Well, thanks for the question, Hassan. I mean I think that this point about higher-grade, lower-grade ores is a continuation of a theme that has developed over multiple years. And of course, you're right to point out the high-grade markets are more sort of less sort of like vendor choices in those markets. And it's true that we have seen in the higher grade buckets, particularly in rutiles.

And to some extent, some of the sort of operational ups and downs in chloride slags that that has become tighter. I think we can see us sort of way through this near part of 2020. Typically, as we've said before, we would sort of like try to bolt down requirements and prices in the front half and then come back with second half, typically six-month-type negotiation. So I'm not sure we're at the stage yet, which you imply.

I would also say on the low grade that despite the fact that there are still inflationary pressures at the low-grade level, it's just they have not eventuated in a pattern that we've seen on the high grade.

Hassan Ahmed -- Alembic Global Advisors -- Analyst

Understood, understood. Helpful. And as a follow-up, completely appreciate the fact that coronavirus ongoing, tough to sort of figure out what demand impact it may have. But obviously, the supply side tends to be a bit more visible.

What are you guys seeing in terms of supply curtailments for TiO2 in China on the back of the coronavirus?

Simon Turner -- President and Chief Executive Officer

I think, as I said, I take our comments here appropriately, Hassan, in the sense that we're not the big window on the world for China in the world of TiO2 because of the limited amount part we take in. So we have seen and heard of the type of dynamics over the Lunar New Year, where holidays were extended and whether that affected the workforce, logistics, infrastructure, chem park and geography, of course, there were broader impacts that meant that supply got interrupted. The question is, does that rumble on and continue? And that's the part we do not know. The part we've seen is curtailments and disruption over so like limited time window at and somewhat beyond the Lunar New Year.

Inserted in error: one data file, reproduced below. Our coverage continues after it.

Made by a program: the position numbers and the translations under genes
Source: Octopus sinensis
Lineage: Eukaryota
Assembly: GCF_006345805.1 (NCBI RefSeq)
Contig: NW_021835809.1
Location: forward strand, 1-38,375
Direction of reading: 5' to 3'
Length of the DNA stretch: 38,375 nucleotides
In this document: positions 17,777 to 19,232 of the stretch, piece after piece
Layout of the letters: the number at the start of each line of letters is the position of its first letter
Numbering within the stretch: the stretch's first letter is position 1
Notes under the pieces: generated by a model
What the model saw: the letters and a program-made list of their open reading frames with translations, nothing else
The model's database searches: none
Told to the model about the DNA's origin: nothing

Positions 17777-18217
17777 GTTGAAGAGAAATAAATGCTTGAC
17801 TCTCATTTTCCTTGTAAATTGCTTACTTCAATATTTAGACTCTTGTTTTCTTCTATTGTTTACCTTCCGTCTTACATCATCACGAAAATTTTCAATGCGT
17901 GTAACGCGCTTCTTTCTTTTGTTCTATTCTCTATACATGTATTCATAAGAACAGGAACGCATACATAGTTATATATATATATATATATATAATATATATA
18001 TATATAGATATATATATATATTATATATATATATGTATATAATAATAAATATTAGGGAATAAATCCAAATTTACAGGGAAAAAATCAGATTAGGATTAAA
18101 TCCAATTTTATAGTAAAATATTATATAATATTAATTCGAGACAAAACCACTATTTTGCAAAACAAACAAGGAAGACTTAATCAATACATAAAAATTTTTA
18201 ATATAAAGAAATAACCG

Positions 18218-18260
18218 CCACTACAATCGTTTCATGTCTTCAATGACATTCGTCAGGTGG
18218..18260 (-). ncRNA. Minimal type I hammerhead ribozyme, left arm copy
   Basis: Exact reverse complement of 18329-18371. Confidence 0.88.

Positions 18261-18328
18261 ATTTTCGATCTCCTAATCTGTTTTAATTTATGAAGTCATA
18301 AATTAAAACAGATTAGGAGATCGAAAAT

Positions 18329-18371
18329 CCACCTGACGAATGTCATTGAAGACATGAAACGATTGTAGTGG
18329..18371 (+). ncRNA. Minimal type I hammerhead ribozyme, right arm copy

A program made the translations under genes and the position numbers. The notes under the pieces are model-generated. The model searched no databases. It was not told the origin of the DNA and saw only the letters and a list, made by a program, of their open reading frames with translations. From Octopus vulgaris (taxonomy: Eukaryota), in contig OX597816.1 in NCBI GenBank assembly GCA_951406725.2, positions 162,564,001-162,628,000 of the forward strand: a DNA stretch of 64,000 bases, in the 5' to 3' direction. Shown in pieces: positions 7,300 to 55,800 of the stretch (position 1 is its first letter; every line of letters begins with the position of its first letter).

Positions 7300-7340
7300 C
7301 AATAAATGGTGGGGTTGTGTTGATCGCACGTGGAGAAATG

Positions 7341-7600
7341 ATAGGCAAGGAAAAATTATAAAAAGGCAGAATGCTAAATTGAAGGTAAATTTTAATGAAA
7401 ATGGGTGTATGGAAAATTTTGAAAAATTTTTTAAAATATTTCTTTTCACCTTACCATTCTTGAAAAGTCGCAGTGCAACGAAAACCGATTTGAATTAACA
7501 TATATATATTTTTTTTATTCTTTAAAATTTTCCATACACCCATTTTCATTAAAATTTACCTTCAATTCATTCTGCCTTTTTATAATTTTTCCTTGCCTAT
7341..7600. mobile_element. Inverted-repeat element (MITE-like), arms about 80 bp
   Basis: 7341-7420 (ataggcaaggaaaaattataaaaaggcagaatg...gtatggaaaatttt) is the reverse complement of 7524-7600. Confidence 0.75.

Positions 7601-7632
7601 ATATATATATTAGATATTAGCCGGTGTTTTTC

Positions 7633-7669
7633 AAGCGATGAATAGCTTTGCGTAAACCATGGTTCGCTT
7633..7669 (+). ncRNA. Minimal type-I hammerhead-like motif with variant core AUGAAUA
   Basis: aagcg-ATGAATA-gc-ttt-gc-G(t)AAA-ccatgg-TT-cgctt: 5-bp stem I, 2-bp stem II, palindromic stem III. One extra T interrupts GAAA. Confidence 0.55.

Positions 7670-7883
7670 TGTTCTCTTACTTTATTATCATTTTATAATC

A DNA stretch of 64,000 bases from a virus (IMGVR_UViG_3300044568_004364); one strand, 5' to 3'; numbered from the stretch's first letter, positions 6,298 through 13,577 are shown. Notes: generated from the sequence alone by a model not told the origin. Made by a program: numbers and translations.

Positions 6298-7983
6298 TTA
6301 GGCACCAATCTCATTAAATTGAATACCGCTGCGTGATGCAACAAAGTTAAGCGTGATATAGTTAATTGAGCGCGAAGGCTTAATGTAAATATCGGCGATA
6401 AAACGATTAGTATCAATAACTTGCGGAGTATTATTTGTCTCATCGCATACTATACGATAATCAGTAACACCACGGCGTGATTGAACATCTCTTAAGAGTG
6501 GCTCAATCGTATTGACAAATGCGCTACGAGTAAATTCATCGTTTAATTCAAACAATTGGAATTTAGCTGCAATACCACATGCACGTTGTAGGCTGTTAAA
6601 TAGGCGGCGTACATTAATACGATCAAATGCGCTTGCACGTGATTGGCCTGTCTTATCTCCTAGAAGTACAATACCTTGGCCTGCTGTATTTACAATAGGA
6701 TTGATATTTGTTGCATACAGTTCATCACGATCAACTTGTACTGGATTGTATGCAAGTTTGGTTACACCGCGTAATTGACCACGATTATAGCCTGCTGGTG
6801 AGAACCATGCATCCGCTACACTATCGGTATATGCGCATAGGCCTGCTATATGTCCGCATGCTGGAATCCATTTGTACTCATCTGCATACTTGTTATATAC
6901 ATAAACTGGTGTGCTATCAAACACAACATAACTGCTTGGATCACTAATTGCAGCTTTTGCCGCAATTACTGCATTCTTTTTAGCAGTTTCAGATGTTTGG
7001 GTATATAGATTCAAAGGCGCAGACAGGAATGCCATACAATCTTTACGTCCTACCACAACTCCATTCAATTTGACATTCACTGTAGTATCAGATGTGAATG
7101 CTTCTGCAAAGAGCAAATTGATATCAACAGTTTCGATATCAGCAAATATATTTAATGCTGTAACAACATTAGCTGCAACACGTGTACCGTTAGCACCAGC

We've yet to see anything more fundamentally different from that.

Hassan Ahmed -- Alembic Global Advisors -- Analyst

Very helpful Simon. Thanks so much.

Operator

Thank you. And the next question comes from Jim Sheehan with SunTrust.

Jim Sheehan -- SunTrust Robinson Humphrey -- Analyst

Morning, Simon. What is your ultimate plans for the Pori site? Is there any opportunity to monetize the remaining assets there? And how would your exploring of options for capex and so forth affect that decision-making?

Simon Turner -- President and Chief Executive Officer

Well, look, I think an important point here to note is, as we've already transferred several of those specialty products, we're still committed to further transfer of specialty business. Let's be very clear about that. That is a strategic imperative for us within Venator. So of course, what we're doing here is we have to be prudent with cash for well understood reasons and that forces us to examine each and every part of our cash usage, including all parts of the current and anticipated capex build, and that's what we're doing.

It's about prudency with cash, it's no reflection on our commitment to specialty. I want to be very, very clear about that. That's something we still deeply believe in. Are there opportunities to potentially sell the sites or part the sites? Yes, there are.

Are we exploring? Yes, we are. So we will leave no stone unturned there to see if there's alternative usage for that site. We have been successful on several occasions in our past as we've closed various sites and turn those into opportunities, rather. So I think that's a path we'll continue.

We'll give you a lot of focus on that in 2020. And of course, we're going to work through our best option for being prudent with the cash and optimizing our return from other specialty business transfers, and we'll update you when we get to that point. We don't have that number here today.